FYI August 08 & 09, 2021

On This Day

870 – Treaty of Meerssen: King Louis the German and his half-brother Charles the Bald partition the Middle Frankish Kingdom into two larger east and west divisions.[1]
The Treaty of Mersen or Meerssen, concluded on 8 August 870, was a treaty of partition of the realm of Lothair II, known as Lotharingia, by his uncles Louis the German of East Francia and Charles the Bald of West Francia, the two surviving sons of Emperor Louis I the Pious. The treaty followed an earlier treaty of Prüm which had split Middle Francia between Lothair I’s sons after his death in 855.

The treaty is commonly referred to in some Western European historiographies as the third major partition of Francia, all of which took place from August 843 to August 870, through treaties of Verdun, Prüm and Mersen’s. It was followed by Treaty of Ribemont.


1842 – The Webster–Ashburton Treaty is signed, establishing the United States–Canada border east of the Rocky Mountains.
The Webster–Ashburton Treaty, signed August 9, 1842, was a treaty that resolved several border issues between the United States and the British North American colonies (the region that became Canada). Signed under John Tyler’s presidency, it resolved the Aroostook War, a nonviolent dispute over the location of the Maine–New Brunswick border.[1] It:

Established the border between Lake Superior and the Lake of the Woods, originally defined in the Treaty of Paris in 1783;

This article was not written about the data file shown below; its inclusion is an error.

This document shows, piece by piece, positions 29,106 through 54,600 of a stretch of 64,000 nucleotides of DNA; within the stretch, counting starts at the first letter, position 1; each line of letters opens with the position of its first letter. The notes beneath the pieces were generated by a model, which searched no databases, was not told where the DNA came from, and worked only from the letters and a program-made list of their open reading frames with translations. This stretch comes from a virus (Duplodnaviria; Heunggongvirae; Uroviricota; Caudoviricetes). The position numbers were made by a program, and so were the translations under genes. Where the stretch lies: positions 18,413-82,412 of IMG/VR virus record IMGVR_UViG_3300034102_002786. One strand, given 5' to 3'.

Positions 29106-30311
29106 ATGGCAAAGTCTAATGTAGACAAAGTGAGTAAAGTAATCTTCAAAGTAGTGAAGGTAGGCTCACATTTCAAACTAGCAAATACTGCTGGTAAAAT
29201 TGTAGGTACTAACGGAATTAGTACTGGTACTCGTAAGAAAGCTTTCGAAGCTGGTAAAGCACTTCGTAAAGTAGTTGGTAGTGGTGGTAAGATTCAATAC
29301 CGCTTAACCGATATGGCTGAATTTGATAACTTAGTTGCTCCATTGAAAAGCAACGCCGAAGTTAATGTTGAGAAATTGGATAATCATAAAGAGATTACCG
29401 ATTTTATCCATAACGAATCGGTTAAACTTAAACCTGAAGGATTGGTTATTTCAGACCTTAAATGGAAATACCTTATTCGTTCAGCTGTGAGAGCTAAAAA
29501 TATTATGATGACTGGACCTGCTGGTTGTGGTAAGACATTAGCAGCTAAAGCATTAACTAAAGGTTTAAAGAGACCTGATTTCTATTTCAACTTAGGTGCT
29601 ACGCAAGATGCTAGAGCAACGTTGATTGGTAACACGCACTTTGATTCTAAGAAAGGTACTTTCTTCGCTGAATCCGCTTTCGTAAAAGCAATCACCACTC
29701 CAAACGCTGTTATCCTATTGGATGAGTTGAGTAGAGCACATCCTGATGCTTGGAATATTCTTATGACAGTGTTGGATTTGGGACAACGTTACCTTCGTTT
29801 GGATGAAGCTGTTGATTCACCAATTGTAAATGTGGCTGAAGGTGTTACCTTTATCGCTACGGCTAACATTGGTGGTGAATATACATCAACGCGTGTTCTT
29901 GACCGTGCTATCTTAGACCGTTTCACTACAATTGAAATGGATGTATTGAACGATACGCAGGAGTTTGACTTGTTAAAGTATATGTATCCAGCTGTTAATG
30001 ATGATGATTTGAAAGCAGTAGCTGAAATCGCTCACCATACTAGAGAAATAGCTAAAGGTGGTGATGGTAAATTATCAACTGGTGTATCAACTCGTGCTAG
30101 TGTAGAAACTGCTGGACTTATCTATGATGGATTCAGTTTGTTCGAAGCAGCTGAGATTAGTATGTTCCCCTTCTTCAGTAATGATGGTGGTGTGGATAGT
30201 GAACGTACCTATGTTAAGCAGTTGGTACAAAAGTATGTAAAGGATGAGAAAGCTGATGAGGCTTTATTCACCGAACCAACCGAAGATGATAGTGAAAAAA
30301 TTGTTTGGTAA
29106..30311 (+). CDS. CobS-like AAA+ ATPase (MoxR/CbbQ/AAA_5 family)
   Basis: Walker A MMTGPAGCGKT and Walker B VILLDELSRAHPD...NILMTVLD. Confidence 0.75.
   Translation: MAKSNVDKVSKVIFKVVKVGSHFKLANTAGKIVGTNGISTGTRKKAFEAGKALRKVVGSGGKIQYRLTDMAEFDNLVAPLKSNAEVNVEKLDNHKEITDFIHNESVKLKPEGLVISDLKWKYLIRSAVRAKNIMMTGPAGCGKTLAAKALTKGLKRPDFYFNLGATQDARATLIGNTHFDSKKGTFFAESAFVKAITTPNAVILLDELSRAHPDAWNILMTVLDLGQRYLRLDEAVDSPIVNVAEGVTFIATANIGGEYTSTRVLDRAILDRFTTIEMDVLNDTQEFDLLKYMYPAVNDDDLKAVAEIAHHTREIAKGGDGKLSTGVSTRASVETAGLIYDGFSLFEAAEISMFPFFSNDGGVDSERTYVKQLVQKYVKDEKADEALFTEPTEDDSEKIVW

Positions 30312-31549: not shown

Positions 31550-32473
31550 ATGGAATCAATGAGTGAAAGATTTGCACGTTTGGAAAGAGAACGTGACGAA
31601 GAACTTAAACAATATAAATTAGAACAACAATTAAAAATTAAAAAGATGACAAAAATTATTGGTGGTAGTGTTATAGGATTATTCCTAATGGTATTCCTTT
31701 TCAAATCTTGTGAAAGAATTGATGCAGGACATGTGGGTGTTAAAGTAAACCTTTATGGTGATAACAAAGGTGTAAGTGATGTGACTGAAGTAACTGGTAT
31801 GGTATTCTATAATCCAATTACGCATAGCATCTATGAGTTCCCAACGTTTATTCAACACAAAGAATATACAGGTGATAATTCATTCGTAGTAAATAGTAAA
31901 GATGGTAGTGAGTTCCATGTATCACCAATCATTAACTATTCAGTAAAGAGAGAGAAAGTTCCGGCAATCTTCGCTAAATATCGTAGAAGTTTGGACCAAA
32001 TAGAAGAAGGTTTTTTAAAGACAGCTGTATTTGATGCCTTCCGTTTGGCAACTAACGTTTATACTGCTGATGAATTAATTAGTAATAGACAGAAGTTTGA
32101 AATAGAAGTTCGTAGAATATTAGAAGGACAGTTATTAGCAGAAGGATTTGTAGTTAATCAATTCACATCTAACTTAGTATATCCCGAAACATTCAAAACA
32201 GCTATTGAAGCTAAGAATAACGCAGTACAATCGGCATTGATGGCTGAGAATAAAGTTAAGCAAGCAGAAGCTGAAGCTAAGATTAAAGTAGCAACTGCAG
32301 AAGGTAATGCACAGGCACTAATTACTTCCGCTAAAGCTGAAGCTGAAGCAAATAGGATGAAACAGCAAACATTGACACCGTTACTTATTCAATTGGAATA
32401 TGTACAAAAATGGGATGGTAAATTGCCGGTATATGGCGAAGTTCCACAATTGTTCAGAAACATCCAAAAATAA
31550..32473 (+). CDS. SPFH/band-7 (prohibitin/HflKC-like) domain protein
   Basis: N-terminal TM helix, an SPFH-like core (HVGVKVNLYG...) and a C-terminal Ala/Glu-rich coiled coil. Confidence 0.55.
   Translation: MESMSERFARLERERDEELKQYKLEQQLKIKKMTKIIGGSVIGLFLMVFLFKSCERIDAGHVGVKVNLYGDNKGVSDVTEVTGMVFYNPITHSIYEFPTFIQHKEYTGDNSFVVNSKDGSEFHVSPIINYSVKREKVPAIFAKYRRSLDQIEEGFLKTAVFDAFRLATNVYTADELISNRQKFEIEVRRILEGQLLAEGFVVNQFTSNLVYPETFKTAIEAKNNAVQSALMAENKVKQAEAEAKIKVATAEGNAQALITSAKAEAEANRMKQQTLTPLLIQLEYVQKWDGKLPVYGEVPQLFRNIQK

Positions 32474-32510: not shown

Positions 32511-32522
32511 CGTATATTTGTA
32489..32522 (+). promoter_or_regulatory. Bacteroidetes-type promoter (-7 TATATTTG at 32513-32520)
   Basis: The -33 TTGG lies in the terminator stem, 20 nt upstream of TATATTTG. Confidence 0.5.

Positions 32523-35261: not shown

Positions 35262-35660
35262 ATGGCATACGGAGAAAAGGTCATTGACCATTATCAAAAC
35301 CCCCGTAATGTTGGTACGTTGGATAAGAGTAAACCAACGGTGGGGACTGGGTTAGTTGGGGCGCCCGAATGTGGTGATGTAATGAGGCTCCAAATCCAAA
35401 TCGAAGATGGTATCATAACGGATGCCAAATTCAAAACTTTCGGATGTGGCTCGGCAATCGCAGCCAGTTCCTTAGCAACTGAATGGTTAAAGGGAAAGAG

Reaffirmed the location of the border (at the 49th parallel) in the westward frontier up to the Rocky Mountains defined in the Treaty of 1818;
Defined seven crimes subject to extradition;
Called for a final end to the slave trade on the high seas;
Agreed that the two parties would share use of the Great Lakes.

The treaty retroactively confirmed the southern boundary of Quebec that land surveyors John Collins and Thomas Valentine had marked with stone monuments in 1771–1773. The treaty intended that the border be at 45 degrees north latitude, but the border is in some places nearly a half mile north of the parallel. The treaty was signed by United States Secretary of State Daniel Webster and British diplomat Alexander Baring, 1st Baron Ashburton.[2]



Born On This Day

1814 – Esther Hobart Morris, American suffragette and judge (d. 1902)[8]
Esther Hobart Morris (August 8, 1812 – April 2, 1902) was the first woman justice of the peace in the United States.[1] She began her tenure as justice in South Pass City, Wyoming, on February 14, 1870, serving a term of nearly 9 months.[1][2] The Sweetwater County Board of County Commissioners appointed Morris as justice of the peace after the previous justice, R.S. Barr, resigned in protest of Wyoming Territory’s passage of the women’s suffrage amendment in December 1869.[2][3]

Popular stories and historical accounts, as well as by state and federal public monuments, point to Morris as a leader in the passage of Wyoming’s suffrage amendment. However, Morris’ leadership role in the legislation is disputed.[4][5][6] Morris herself never claimed any credit, ascribing the bill entirely to William H. Bright, who was member of the territorial legislature from South Pass City and President of the Territorial Council.[7][1]


1867 – Evelina Haverfield, Scottish nurse and activist (d. 1920)